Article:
One of the requirements for licensing a nuclear power plant in the U.S is the capability to survive and recover from a station blackout according to the U.S Nuclear Regulatory Commission (USNRC). Station blackout is the loss of all off-site and onsite power simultaneously. Therefore, experimental test facilities are being constructed and operated to test the performance of the related safety systems in a nuclear power plant. Design and construction of a test facility creates the need to perform scaling analysis to ensure proper representation of key components and phenomena of interest. One of the main outcomes of the scaling analysis is the quantitative estimation of the Similarity Level (SL), which requires derivation of dimensionless scaling parameters and prediction of appropriate input values for the scaling parameters.

To study the performance of the Reactor Core Isolation Cooling (RCIC) system, the Nuclear Heat Transfer Systems (NHTS) Laboratory at Texas A&M University has constructed and is operating a RCIC test facility. This paper presents the scaling analysis with reference to a full-size RCIC system and the RCIC system turbine was used as the main component for scaling. The input parameters for dimensionless scaling parameters were obtained through experimental measurements and CFD analysis. The CFD analysis is for the ZS-1 RCIC system turbine model. The STAR-CCM+ CFD code was used in this study to create and run simulations for steady state normal and abnormal operating conditions for the NHTS-developed CAD models.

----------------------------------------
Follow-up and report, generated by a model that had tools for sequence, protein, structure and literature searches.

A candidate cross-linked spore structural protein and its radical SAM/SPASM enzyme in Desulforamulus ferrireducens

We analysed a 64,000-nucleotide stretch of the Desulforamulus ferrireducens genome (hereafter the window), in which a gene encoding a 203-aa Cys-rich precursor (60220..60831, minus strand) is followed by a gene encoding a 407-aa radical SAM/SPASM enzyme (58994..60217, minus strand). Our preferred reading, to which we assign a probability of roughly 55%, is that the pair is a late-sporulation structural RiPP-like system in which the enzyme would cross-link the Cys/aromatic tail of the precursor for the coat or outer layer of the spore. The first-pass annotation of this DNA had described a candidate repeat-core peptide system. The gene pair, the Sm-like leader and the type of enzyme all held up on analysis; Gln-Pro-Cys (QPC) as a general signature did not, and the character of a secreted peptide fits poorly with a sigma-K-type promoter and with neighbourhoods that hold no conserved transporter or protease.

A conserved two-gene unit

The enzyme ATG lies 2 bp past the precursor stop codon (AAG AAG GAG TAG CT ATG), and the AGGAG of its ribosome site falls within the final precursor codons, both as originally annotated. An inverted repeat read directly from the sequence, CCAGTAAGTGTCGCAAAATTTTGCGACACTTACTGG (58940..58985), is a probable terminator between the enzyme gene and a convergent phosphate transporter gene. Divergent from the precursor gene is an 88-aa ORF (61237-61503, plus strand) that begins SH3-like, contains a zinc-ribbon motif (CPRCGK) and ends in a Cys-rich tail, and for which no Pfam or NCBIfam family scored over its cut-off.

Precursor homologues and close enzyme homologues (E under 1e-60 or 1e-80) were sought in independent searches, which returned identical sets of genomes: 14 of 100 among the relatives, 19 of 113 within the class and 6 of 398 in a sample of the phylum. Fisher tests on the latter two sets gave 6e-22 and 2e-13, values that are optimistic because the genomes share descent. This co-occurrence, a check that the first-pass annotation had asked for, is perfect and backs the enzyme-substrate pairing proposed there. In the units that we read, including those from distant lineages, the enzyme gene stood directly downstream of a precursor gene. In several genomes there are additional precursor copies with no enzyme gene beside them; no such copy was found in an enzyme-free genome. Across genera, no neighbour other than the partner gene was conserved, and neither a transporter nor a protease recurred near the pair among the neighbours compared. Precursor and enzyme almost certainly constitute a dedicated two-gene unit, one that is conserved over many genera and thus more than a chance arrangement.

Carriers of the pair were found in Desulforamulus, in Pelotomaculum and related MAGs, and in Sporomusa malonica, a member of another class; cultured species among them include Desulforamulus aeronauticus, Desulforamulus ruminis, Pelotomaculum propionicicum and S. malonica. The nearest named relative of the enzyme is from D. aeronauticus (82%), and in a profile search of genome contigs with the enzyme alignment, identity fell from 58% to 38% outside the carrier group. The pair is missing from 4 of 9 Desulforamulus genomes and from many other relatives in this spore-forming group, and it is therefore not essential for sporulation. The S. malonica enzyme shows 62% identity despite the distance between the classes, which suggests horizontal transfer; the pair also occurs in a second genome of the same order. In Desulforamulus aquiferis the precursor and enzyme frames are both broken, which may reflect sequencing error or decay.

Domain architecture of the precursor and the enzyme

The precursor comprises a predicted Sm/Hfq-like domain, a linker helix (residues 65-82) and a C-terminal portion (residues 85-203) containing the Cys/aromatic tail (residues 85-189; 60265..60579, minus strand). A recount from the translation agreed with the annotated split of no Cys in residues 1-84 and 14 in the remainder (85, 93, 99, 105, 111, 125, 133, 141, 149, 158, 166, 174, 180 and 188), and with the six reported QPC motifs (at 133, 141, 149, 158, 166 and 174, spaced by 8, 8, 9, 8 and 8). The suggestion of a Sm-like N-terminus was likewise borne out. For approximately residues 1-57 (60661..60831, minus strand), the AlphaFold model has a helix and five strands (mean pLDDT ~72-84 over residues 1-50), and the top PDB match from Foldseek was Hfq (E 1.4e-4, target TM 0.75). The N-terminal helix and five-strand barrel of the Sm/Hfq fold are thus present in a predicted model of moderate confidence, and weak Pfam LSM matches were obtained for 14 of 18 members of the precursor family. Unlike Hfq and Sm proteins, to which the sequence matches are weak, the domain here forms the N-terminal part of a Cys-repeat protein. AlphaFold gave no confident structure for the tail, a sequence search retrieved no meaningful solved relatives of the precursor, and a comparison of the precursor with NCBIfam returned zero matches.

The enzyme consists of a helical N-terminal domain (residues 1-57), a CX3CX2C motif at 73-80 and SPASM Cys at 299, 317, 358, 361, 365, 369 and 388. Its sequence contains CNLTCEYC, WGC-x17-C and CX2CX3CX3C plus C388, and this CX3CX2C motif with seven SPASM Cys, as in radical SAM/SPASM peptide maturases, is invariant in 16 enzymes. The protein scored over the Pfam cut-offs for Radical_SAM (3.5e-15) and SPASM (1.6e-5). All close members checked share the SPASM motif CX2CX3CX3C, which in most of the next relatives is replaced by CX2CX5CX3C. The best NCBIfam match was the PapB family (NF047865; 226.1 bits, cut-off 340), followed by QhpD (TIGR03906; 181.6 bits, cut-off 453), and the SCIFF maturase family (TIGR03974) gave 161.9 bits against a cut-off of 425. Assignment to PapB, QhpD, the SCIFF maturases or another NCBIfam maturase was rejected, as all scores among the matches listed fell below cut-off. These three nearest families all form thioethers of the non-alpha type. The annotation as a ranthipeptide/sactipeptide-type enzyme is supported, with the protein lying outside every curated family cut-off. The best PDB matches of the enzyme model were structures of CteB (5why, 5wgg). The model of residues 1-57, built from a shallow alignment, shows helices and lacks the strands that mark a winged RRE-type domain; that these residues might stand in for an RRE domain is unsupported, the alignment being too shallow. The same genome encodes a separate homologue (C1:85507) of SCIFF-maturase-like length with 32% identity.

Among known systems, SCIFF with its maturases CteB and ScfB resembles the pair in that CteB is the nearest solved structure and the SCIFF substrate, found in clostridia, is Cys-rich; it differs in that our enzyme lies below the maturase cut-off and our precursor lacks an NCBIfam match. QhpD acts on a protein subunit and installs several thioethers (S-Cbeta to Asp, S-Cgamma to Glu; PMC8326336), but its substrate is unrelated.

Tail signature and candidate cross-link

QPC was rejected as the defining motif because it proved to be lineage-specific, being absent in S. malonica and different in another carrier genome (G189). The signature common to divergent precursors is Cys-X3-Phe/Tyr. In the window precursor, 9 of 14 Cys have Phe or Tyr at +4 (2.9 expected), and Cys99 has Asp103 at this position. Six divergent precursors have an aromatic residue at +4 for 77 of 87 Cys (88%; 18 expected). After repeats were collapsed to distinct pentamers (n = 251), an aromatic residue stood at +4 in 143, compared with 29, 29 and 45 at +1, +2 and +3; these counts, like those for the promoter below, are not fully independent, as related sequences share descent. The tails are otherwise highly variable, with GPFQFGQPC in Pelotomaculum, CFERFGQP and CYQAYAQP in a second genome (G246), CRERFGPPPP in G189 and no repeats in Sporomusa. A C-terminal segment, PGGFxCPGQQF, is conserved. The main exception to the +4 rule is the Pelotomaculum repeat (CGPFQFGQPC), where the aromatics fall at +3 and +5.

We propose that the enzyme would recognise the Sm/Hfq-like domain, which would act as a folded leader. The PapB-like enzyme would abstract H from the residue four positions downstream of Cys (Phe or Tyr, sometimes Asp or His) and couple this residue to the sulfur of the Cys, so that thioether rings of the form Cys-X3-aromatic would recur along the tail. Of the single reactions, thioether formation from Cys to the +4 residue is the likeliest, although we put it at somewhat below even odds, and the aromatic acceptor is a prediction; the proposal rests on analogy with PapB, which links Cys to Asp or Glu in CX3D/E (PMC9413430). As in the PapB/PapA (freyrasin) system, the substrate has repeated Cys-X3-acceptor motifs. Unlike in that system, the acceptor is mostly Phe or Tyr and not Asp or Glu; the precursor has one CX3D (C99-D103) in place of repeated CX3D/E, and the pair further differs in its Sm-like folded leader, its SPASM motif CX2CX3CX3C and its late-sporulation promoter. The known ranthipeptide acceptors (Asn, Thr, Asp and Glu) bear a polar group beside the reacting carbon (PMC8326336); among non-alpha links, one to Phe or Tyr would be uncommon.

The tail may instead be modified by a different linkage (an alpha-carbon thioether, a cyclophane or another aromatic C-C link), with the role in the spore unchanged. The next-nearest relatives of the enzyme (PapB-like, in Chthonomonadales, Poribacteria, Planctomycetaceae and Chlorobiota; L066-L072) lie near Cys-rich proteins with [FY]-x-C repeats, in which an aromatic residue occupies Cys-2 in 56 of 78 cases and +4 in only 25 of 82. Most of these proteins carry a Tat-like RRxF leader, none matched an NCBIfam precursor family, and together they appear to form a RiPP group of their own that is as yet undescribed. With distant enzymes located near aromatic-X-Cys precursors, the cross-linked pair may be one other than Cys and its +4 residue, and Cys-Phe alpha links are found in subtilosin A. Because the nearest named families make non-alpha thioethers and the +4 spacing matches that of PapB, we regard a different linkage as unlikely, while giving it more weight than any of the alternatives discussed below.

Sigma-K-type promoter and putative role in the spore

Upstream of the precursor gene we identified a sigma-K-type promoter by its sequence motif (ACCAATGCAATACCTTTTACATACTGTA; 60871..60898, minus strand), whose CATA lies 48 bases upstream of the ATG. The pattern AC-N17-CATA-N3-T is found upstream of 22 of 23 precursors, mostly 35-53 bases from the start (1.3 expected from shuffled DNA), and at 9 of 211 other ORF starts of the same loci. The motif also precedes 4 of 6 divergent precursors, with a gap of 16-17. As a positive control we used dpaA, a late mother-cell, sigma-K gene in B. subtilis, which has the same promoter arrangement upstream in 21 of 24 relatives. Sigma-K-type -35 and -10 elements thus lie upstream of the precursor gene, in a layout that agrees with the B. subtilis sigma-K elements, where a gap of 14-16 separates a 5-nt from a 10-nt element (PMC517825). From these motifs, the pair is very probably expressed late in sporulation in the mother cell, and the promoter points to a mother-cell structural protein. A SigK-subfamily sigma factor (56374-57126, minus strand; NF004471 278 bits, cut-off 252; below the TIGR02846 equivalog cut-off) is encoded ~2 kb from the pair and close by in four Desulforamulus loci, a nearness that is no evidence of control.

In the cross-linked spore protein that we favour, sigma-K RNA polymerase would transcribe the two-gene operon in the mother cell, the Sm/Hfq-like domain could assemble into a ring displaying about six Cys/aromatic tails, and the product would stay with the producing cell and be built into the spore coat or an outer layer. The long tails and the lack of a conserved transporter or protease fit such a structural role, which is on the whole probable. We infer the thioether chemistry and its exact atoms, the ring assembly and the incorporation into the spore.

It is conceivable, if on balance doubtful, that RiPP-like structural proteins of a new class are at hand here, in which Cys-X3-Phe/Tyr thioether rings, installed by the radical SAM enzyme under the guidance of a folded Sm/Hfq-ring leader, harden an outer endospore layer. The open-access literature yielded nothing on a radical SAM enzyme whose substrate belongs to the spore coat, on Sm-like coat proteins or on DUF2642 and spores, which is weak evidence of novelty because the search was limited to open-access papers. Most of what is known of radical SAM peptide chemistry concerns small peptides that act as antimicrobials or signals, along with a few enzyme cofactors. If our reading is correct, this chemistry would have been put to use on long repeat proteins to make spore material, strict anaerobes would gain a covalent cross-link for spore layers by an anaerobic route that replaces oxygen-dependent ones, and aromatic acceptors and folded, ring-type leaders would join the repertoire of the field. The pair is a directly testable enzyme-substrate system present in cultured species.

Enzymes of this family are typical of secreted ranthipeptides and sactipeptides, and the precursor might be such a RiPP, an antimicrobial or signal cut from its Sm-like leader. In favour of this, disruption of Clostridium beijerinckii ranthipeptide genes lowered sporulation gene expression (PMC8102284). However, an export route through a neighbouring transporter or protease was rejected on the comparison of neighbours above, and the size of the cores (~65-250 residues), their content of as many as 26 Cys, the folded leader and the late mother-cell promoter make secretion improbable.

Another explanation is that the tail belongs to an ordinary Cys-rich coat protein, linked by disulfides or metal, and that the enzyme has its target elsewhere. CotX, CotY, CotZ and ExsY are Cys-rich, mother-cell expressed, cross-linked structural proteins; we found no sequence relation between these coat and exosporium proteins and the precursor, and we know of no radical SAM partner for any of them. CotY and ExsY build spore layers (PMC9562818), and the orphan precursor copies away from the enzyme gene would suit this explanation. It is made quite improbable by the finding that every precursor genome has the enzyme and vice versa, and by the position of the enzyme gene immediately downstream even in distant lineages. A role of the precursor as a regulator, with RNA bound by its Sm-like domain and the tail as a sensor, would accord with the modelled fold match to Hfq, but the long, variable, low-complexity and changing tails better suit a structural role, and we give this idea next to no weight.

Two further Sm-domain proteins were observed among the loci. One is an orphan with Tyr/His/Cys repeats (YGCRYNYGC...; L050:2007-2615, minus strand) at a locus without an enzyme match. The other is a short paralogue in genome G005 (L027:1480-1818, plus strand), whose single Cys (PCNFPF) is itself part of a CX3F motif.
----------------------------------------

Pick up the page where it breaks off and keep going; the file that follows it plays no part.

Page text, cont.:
The input for the dimensionless scaling parameters was estimated. Input parameters were collected both experimentally and from CFD simulations and inserted into these equations. As a result, a high degree of similarity was confirmed, with a minimum of 82% between the NHTS and full-size RCIC systems. The 82% represents the amount of transfer properties conserved between the two systems. Consequently, this high similarity level allows the NHTS RCIC system to be used to study the behavior of the full-size RCIC system under Beyond Design Bases Accident (BDBA) conditions.

Future work is to study and model other components of the RCIC system such as the suppression chamber to estimate similarity levels and study their effects on behavior of the system under BDBA.

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